This book will help readers to get moving, stay moving, and maintain the inspiration they need to reap the mental health benefits of regular exercise. The 8 keys include improving self-esteem with exercise, exercising as a family, getting motivated, changing how you think about exercise, and the FITT principle for establishing an effective exercise routine. (description from publisher)
That the average adult spends 50 to 70 percent of their day sitting is no surprise to anyone who works in an office environment. But few realize the health consequences they are suffering as a result of modernity’s increasingly sedentary lifestyle, or the effects it has had on society at large.
In Get Up! , health expert James A. Levine’s original scientific research shows that today’s chair-based world, where we no longer use our bodies as they evolved to be used, is having negative consequences on our health, and is a leading cause of diabetes, cancer, and heart disease. Over the decades, humans have moved from a primarily active lifestyle to one that is largely sedentary, and this change has reshaped every facet of our lives–from social interaction to classroom design.
Levine shows how to throw off the shackles of inertia and reverse these negative trends through simple changes in our daily lives. (description from publisher)
I don’t know about you, but the warmer weather we’ve been having has made me realize that “swimsuit season” will soon be upon us! If you’re also looking for some help or motivation in getting a little toned up before it gets really hot out there, check out these titles on our “New Materials” shelves.
Pilates Practice Companion is a beautiful book with tons of color photograhps. The book has several different sections featuring exercises at different levels: beginning, intermediate and advanced, as well as other chapters, such as “Maturing with Pilates.” It also has two-page spreads with 15, 30 or 45-minute routines which would certainly simplify any home workout. Another advantage is that it also shows photographs of “common faults.” When I first starting taking Pilates classes, the instructor would come around and correct our form. Often I thought I was doing a move correctly, only to have her alter my position by what seemed like an inch or less, taking me from “oh, this is okay” to “ohmygosh this is hard!” A final plus is that the author, Alycea Ungaro, is well-known in her field, having written several books on the subject as well as having trained many celebrity clients, such as Madonna.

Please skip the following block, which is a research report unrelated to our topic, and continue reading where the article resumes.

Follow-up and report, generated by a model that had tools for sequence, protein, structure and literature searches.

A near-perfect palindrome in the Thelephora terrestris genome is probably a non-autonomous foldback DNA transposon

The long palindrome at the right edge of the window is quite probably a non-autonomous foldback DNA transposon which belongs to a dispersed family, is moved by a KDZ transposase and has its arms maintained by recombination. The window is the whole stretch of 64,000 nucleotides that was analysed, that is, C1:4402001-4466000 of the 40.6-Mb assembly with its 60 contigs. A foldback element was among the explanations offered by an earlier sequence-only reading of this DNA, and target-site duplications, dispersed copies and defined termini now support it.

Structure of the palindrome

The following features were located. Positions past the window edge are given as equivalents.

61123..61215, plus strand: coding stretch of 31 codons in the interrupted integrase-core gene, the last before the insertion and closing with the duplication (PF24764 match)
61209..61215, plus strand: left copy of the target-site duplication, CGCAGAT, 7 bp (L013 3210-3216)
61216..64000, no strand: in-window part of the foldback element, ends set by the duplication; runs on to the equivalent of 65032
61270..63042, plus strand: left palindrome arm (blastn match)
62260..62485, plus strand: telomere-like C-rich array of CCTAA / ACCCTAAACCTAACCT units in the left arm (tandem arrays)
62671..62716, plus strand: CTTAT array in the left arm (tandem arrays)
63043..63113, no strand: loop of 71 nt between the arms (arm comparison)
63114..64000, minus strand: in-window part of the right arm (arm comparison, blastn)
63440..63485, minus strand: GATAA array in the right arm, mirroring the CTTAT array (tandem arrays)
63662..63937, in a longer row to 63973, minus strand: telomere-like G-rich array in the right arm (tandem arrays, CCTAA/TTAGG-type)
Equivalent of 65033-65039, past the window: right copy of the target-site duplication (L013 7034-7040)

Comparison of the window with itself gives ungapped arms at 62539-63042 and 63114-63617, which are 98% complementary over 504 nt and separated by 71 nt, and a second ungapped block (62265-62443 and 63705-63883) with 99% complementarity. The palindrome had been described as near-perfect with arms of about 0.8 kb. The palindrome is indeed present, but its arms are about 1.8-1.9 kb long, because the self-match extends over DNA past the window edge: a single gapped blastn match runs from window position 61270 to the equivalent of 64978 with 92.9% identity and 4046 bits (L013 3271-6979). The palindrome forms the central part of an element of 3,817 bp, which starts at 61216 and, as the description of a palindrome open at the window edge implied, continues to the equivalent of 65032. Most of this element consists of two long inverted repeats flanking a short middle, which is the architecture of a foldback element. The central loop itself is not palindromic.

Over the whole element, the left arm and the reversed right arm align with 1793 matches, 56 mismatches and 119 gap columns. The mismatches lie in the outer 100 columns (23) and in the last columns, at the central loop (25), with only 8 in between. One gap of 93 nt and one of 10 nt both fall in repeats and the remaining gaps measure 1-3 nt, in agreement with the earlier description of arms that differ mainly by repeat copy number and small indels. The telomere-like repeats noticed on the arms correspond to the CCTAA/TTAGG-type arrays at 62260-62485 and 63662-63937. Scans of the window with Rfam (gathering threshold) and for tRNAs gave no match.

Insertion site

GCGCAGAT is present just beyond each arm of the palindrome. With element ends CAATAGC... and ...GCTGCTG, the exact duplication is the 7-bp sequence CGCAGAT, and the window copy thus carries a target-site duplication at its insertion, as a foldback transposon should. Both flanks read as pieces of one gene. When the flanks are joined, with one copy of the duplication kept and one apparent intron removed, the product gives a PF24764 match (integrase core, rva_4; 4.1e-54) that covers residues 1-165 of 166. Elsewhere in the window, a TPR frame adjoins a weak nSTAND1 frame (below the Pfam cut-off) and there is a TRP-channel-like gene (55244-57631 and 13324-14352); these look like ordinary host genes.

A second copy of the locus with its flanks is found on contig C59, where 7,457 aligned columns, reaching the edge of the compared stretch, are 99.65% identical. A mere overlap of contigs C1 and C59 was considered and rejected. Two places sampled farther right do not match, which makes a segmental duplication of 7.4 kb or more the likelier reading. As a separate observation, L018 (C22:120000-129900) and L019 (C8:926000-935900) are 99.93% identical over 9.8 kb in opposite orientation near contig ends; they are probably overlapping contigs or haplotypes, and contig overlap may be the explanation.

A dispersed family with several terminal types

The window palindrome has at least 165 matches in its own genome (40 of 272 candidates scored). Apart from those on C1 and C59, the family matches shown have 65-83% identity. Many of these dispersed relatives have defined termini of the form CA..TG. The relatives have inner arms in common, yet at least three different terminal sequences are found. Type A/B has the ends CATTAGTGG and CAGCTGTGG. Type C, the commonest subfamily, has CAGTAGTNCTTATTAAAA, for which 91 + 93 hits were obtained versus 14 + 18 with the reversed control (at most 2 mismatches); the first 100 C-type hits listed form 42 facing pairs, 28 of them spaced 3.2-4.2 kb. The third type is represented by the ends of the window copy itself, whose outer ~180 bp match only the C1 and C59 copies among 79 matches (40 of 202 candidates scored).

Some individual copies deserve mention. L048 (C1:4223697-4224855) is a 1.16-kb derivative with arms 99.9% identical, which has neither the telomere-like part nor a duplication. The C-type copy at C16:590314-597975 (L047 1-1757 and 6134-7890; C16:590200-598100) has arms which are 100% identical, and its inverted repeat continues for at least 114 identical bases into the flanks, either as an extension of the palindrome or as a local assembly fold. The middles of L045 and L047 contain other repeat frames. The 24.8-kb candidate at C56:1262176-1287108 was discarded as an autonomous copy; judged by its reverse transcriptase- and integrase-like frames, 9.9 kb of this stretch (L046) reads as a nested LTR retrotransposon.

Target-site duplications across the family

Full Body Flexibilty by Jay Blahnick is another great book whose message is enhanced with wonderful photos. Our staff is now doing stretching exercises at work each day (just for a few minutes) but those interested in taking it to the next level would be well-served by this resource. One feature that’s particularly useful is that the stretches are divided by different sections of the body. So, for example, if you had back or hip problems, you could concentrate on those stretches. I think this book will prove popular: I had it out at a public desk while working on this blog and a patron asked if she could check it out. Absolutely. That’s what we’re all about!